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Maxillofac Plast Reconstr Surg. 2016 Mar;38(3):13. English. Original Article. https://doi.org/10.1186/s40902-016-0059-z
Fushima K , Kobayashi M .
Division of Orthodontics, Department of Highly Advanced Stomatology, Graduate School of Dentistry, Kanagawa Dental University, 3-31-6 Tsuruya-cho, Kanagawa-ku, Yokohama, Kanagawa 221-0835 Japan. fushima@kdu.ac.jp
Department of Oral & Maxillofacial Surgery, Graduate School of Dentistry, Kanagawa Dental University, 82 Inaoka-cho, Yokosuka, Kanagawa 238-8580 Japan.
Abstract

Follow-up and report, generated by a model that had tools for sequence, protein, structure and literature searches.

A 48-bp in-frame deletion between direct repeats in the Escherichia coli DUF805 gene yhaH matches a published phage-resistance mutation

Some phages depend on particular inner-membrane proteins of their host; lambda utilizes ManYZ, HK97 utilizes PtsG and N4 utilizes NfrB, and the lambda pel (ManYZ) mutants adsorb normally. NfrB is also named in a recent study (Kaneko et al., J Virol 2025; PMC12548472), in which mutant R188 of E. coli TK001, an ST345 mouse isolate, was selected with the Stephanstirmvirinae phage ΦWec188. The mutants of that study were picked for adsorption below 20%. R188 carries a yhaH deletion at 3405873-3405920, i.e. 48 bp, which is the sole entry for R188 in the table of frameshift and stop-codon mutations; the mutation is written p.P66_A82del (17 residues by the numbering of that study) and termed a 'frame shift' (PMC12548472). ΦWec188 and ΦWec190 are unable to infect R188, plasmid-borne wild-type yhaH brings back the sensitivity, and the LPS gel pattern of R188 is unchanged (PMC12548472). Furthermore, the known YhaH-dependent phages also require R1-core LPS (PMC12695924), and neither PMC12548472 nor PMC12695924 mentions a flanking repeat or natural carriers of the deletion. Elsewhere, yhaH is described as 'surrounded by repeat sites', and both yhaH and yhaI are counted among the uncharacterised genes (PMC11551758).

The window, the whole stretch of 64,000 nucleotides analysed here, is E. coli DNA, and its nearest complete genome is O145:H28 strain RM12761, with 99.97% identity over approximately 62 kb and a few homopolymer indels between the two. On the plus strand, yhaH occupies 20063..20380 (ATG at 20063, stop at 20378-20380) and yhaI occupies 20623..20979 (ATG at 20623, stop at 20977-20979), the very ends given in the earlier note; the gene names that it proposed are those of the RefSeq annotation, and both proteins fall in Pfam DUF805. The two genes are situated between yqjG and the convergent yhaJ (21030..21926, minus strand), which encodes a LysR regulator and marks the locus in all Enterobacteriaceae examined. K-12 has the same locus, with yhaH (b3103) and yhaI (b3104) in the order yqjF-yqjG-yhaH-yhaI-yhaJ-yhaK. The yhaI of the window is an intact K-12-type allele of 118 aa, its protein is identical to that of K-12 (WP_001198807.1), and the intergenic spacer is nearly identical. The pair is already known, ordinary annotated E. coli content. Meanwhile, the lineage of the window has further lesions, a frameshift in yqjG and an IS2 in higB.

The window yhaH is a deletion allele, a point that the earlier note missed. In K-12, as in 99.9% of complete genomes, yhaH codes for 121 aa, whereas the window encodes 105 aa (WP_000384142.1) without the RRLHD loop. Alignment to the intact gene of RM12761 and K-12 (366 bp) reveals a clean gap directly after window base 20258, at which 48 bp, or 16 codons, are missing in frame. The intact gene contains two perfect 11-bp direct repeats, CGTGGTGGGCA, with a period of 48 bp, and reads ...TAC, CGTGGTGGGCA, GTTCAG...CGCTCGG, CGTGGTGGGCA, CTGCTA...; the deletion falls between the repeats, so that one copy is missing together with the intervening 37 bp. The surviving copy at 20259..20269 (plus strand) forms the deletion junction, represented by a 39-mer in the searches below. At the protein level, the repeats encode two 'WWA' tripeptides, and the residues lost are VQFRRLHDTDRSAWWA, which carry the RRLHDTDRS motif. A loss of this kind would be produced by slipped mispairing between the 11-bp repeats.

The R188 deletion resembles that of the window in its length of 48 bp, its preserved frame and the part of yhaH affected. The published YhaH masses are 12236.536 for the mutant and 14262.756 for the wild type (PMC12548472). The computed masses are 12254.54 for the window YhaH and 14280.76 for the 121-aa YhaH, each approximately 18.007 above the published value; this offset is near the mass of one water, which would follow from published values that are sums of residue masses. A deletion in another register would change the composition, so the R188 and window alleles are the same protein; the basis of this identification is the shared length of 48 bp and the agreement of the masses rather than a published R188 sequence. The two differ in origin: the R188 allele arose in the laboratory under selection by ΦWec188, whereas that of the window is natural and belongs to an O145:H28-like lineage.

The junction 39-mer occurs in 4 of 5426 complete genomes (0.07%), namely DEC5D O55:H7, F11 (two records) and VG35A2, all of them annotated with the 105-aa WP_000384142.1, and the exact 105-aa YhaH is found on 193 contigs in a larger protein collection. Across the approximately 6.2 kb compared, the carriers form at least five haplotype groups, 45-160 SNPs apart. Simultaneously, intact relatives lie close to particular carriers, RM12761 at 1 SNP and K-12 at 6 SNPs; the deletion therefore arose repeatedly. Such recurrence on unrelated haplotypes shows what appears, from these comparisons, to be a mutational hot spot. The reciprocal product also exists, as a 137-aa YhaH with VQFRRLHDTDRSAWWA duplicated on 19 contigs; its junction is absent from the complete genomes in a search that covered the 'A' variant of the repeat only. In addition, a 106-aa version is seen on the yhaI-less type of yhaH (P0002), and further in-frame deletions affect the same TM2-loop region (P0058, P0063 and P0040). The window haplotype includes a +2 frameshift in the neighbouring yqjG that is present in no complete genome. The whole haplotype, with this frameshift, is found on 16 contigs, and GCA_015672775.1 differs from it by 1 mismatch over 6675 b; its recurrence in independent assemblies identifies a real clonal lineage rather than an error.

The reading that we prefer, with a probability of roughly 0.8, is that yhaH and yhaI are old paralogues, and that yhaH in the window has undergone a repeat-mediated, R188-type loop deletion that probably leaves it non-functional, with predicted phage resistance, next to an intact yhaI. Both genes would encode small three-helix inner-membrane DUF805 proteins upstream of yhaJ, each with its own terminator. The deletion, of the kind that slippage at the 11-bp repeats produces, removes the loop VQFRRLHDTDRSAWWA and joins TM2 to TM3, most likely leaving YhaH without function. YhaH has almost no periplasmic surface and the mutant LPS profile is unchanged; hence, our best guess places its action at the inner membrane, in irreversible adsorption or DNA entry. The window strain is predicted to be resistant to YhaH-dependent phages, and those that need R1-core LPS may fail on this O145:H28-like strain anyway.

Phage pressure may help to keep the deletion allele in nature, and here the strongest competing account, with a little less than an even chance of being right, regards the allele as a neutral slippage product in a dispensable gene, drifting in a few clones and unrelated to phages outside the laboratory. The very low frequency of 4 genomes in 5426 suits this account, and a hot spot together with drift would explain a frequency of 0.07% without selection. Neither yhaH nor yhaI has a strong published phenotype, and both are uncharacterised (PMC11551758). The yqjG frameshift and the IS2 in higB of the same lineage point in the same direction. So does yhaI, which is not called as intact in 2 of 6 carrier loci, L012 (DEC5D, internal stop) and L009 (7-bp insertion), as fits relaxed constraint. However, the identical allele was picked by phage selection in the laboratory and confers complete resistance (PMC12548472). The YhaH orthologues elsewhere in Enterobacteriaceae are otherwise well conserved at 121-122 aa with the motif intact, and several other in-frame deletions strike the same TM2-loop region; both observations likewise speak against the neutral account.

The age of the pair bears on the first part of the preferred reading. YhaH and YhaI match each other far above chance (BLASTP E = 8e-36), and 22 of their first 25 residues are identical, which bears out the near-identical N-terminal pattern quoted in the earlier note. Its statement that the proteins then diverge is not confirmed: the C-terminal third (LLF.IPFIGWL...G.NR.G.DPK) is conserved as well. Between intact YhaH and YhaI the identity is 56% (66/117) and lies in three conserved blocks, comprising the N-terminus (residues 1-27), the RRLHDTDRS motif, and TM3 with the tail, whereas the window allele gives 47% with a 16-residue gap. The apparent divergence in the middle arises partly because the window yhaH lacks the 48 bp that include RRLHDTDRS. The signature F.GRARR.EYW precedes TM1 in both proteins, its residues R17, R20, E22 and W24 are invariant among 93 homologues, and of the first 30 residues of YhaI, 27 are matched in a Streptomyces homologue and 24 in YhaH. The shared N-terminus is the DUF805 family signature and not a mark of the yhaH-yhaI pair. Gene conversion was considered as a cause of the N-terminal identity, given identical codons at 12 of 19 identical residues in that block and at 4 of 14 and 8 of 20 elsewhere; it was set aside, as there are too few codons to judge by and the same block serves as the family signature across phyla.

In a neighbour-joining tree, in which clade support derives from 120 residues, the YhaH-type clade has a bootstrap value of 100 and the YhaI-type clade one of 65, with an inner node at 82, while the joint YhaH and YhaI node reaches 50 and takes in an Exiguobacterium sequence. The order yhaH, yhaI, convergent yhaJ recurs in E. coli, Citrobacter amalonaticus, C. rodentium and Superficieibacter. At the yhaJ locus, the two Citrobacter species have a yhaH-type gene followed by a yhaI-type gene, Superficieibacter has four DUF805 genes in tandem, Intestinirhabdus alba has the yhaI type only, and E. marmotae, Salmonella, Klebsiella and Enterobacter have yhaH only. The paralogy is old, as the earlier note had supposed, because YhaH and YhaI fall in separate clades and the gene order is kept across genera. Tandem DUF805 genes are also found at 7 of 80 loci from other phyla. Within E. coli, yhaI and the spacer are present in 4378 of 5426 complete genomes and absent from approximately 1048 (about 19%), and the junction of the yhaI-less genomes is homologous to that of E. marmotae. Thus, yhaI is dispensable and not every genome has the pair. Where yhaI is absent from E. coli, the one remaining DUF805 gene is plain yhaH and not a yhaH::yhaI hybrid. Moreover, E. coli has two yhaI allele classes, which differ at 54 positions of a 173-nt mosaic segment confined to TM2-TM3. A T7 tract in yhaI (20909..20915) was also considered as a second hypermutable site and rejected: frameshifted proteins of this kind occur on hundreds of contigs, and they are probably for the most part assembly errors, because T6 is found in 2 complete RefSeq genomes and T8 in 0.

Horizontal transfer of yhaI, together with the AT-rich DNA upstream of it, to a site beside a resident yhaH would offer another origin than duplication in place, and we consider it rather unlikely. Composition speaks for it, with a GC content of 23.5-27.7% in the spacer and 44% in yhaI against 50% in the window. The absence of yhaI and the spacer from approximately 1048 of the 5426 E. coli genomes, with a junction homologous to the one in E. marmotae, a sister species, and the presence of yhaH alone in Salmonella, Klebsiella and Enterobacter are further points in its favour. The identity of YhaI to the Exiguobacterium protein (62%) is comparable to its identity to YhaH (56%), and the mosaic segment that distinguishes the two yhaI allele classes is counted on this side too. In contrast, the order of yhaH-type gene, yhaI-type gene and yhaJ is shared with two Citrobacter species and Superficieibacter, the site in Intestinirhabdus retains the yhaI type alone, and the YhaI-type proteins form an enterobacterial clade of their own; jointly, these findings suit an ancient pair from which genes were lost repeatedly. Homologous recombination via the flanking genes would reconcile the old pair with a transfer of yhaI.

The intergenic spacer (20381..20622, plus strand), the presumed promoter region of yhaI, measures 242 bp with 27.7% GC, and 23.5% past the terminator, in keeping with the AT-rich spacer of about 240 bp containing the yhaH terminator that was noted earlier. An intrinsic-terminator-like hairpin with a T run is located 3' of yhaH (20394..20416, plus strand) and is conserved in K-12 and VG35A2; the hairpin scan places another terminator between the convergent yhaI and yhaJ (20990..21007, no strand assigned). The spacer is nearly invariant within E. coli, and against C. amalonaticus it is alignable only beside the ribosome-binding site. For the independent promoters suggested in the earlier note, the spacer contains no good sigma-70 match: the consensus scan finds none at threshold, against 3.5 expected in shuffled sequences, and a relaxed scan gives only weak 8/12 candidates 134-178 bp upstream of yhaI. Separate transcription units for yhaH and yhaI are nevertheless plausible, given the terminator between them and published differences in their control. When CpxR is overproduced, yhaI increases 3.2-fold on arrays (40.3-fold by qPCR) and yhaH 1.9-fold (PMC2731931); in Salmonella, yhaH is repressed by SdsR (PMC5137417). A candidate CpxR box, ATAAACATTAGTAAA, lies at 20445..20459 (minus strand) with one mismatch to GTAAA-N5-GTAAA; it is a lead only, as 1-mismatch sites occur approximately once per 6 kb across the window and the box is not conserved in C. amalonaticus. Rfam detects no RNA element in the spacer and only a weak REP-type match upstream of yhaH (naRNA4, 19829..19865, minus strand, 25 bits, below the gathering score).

BACKGROUND: Mandibular motion tracking system (ManMoS) has been developed for orthognathic surgery. This article aimed to introduce the ManMoS and to examine the accuracy of this system. METHODS: Skeletal and dental models are reconstructed in a virtual space from the DICOM data of three-dimensional computed tomography (3D-CT) recording and the STL data of 3D scanning, respectively. The ManMoS uniquely integrates the virtual dento-skeletal model with the real motion of the dental cast mounted on the simulator, using the reference splint. Positional change of the dental cast is tracked by using the 3D motion tracking equipment and reflects on the jaw position of the virtual model in real time, generating the mixed-reality surgical simulation. ManMoS was applied for two clinical cases having a facial asymmetry. In order to assess the accuracy of the ManMoS, the positional change of the lower dental arch was compared between the virtual and real models. RESULTS: With the measurement data of the real lower dental cast as a reference, measurement error for the whole simulation system was less than 0.32 mm. In ManMoS, the skeletal and dental asymmetries were adequately diagnosed in three dimensions. Jaw repositioning was simulated with priority given to the skeletal correction rather than the occlusal correction. In two cases, facial asymmetry was successfully improved while a normal occlusal relationship was reconstructed. Positional change measured in the virtual model did not differ significantly from that in the real model. CONCLUSIONS: It was suggested that the accuracy of the ManMoS was good enough for a clinical use. This surgical simulation system appears to meet clinical demands well and is an important facilitator of communication between orthodontists and surgeons.

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